With unemployment reaching historic highs in Minnesota and across the county in recent months, the Minnesota Department of Employment and Economic Development (“DEED”) has received an influx of unemployment insurance applications. Since March 16, 2020, there have been 776,227 unemployment insurance applicants in Minnesota.
This large surge in applications and the increase in weekly unemployment compensation available through the CARES Act have created an incentive for fraudsters to attempt to obtain unemployment compensation using stolen personal information.
Recent weeks have seen an increase in the number of employers alerted to fraudulent unemployment insurance applications received by DEED for individuals still employed. In other words, fraudsters are using the stolen personal information of employees to apply for, and in some cases receive, unemployment compensation through DEED even though the employee is still working. Employers and employees may only discover the fraudulent application once DEED creates the employee’s online account and sends correspondence to the employer or employee. Once the employer becomes aware of the fraudulent application, a prompt response is essential to allow DEED to investigate and remedy the fraudulent activity.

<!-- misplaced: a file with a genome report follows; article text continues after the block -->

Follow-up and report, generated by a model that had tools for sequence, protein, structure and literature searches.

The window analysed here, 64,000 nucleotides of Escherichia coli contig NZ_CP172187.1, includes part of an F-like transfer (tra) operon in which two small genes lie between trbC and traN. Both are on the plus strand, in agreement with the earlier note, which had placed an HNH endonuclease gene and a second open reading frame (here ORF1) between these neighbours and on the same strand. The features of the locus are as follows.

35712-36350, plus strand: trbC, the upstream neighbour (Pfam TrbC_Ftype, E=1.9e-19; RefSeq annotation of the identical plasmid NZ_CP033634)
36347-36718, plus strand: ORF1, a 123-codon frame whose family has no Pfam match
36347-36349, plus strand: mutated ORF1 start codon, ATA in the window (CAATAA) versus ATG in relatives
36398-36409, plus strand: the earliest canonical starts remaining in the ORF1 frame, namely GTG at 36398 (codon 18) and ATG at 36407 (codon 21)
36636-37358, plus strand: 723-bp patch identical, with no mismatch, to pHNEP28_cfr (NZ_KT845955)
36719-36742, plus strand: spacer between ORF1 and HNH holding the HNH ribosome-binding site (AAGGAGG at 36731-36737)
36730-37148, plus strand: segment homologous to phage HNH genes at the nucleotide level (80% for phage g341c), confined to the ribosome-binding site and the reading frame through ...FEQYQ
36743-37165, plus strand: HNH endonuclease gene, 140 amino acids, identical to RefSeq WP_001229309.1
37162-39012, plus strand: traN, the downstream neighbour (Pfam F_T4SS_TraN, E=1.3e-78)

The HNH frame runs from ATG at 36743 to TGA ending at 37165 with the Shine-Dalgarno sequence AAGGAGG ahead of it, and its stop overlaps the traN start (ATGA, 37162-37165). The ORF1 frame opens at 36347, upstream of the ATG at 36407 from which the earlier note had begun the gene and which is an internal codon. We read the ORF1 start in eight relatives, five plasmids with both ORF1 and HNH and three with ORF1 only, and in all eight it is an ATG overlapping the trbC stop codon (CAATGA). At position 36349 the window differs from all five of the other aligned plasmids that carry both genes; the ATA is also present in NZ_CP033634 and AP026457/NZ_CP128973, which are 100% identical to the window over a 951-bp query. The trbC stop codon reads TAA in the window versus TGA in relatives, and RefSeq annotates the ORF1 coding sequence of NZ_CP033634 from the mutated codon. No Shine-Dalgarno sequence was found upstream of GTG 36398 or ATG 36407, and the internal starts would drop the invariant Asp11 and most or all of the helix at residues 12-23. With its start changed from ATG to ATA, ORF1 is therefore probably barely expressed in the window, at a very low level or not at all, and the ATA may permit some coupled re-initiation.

Unemployment insurance fraud is punishable by law and DEED takes fraudulent unemployment insurance applications seriously. Employers alerted to potential fraudulent applications should complete the Minnesota Unemployment Benefits Fraud Report available on the DEED website. Additionally, employers should quickly respond to any request from DEED for additional information or documentation related to the fraudulent application following the initial submission of the Fraud Report.
Cyber Security Considerations
Several states experiencing significant fraudulent unemployment insurance applications, such as Washington, Florida, North Carolina, and Massachusetts, have indicated that the surge in fraudulent applications is likely the result of large-scale criminal operations. Likely, these criminal operations have access to significant amounts of personal identifying information including social security numbers. Employers alerted to numerous fraudulent unemployment applications should consider undertaking a forensic analysis of their internal computer systems to determine whether a security breach has occurred.
The economic and employment landscape brought about by the COVID-19 pandemic has resulted in an increase in fraudulent unemployment insurance claims. However, employers can do their part to lessen the impact of this fraudulent activity by promptly alerting the appropriate state agency and evaluating their internal computer systems for evidence of a data breach.